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The Divorce Process

The divorce process. Your case, as with most divorce cases, will be resolved with a document. That document can be a Separation Agreement or a Court Order. A Separation Agreement is a contract between two married persons in which some or all of the divorce issues are resolved. The issues that typically get resolved in a Separation Agreement are Child Custody, Child Support, Alimony and Equitable Distribution (also known as Property Distribution). Those issues can also be resolved in court through litigation. Either way, you will have a document at the end of the process that clarifies your rights and responsibilities.

I become involved in the process with most clients after they have separated from the other spouse. Sometimes a client will come to me prior to physically separating from his or her spouse, however. Both situations are common.

If the potential client has already physically separated, the consultation involves determining whether the marital issues can be resolved in an amicable way without the need for long, expensive court battles. At that point, the client chooses the best path for him or her given all of the unique factors of each individual case. If the client makes the decision to try to resolve the situation in an amicable, settlement-oriented way, we begin the process of drafting an Agreement that can resolve the marital issues. Some cases simply cannot be resolved without court, and if that’s the case, the client chooses when to file the necessary paperwork to begin the litigation process. Litigation cases can also be settled without actually going to trial, but typically once a case goes down the litigation path, it is a much longer and more expensive process than the non-litigation approach.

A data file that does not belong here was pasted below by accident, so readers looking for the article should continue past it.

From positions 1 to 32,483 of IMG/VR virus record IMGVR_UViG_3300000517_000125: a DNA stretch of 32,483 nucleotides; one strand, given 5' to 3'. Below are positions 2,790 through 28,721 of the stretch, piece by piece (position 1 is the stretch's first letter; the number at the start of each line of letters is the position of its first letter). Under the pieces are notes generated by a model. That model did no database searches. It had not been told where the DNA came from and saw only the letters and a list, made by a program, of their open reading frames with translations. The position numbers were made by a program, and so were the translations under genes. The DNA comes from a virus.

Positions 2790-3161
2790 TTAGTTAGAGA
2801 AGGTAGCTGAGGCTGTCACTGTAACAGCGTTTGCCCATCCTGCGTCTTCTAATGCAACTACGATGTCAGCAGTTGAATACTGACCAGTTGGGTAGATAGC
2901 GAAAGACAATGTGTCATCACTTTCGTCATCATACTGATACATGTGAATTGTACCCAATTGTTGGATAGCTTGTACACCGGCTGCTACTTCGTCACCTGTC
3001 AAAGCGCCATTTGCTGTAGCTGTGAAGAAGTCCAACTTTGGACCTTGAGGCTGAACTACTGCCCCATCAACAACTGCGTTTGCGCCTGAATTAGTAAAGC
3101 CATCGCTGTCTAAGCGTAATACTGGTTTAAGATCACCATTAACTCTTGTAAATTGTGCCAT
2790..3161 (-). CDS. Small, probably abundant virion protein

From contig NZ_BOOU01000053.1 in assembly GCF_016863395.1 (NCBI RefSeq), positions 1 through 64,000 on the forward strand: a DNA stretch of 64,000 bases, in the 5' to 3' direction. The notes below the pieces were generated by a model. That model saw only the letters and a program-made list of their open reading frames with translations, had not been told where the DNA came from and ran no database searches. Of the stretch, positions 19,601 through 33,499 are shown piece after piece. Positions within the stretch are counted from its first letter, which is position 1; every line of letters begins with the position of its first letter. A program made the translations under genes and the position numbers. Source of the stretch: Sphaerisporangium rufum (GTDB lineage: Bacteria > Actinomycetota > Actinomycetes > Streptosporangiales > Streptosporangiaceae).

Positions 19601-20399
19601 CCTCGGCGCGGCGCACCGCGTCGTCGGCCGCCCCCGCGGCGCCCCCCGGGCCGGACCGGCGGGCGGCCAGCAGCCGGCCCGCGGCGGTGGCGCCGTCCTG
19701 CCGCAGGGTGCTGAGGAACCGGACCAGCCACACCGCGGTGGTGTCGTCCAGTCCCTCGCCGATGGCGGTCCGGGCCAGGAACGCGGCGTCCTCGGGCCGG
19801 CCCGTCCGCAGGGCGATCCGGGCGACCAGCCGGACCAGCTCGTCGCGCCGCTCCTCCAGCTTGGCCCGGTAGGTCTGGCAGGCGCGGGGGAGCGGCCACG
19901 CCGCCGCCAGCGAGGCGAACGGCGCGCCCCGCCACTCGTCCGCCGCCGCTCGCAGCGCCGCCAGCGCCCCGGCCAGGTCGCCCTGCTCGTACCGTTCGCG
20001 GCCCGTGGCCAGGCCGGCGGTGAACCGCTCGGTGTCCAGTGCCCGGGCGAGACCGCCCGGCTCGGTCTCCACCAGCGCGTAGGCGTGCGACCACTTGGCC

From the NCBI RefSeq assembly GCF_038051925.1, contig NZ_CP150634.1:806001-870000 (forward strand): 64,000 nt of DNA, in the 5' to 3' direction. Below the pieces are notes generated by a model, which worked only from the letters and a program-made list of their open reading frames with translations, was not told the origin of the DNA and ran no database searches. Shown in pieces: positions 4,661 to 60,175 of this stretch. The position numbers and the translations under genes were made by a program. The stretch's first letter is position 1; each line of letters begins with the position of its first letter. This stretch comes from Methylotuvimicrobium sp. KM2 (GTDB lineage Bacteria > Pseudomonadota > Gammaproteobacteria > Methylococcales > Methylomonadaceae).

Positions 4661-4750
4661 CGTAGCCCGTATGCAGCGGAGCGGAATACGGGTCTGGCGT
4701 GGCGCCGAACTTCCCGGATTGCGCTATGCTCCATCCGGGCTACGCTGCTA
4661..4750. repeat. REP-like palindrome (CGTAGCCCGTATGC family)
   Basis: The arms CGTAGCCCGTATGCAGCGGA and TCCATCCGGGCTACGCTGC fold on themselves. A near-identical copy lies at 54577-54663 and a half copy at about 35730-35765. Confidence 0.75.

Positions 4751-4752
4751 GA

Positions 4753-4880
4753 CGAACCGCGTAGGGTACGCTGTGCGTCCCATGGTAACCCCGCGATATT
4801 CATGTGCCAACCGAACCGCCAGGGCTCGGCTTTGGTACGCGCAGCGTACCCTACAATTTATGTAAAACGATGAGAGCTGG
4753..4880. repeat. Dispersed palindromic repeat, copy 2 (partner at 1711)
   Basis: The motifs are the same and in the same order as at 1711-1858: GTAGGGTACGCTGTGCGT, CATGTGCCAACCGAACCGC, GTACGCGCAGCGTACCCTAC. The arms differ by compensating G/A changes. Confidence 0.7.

Divorce-processIf the potential client has not separated from his or her spouse at the time of the consultation, the process is essentially the same as for those who have separated, except that there will necessarily have to be a negotiation with the other spouse about which person is moving out and when.

In North Carolina, the Absolute Divorce is typically handled after the other marital issues are resolved. It doesn’t always happen that way, but usually the Absolute Divorce comes after the other issues. The Absolute Divorce can be filed after the spouses have been physically separated for one continuous year, and it is a separate proceeding from the issues of Child Custody, Child Support, Alimony and Equitable Distribution.

This summary is intended only as a general overview of the divorce process. There is much more to it than can be explained here. It is critical that you consult with an experienced divorce attorney if you are faced with these issues, as not doing so can result in the loss of critical rights and can put you at a tremendous disadvantage in a system that can be confusing and extremely stressful

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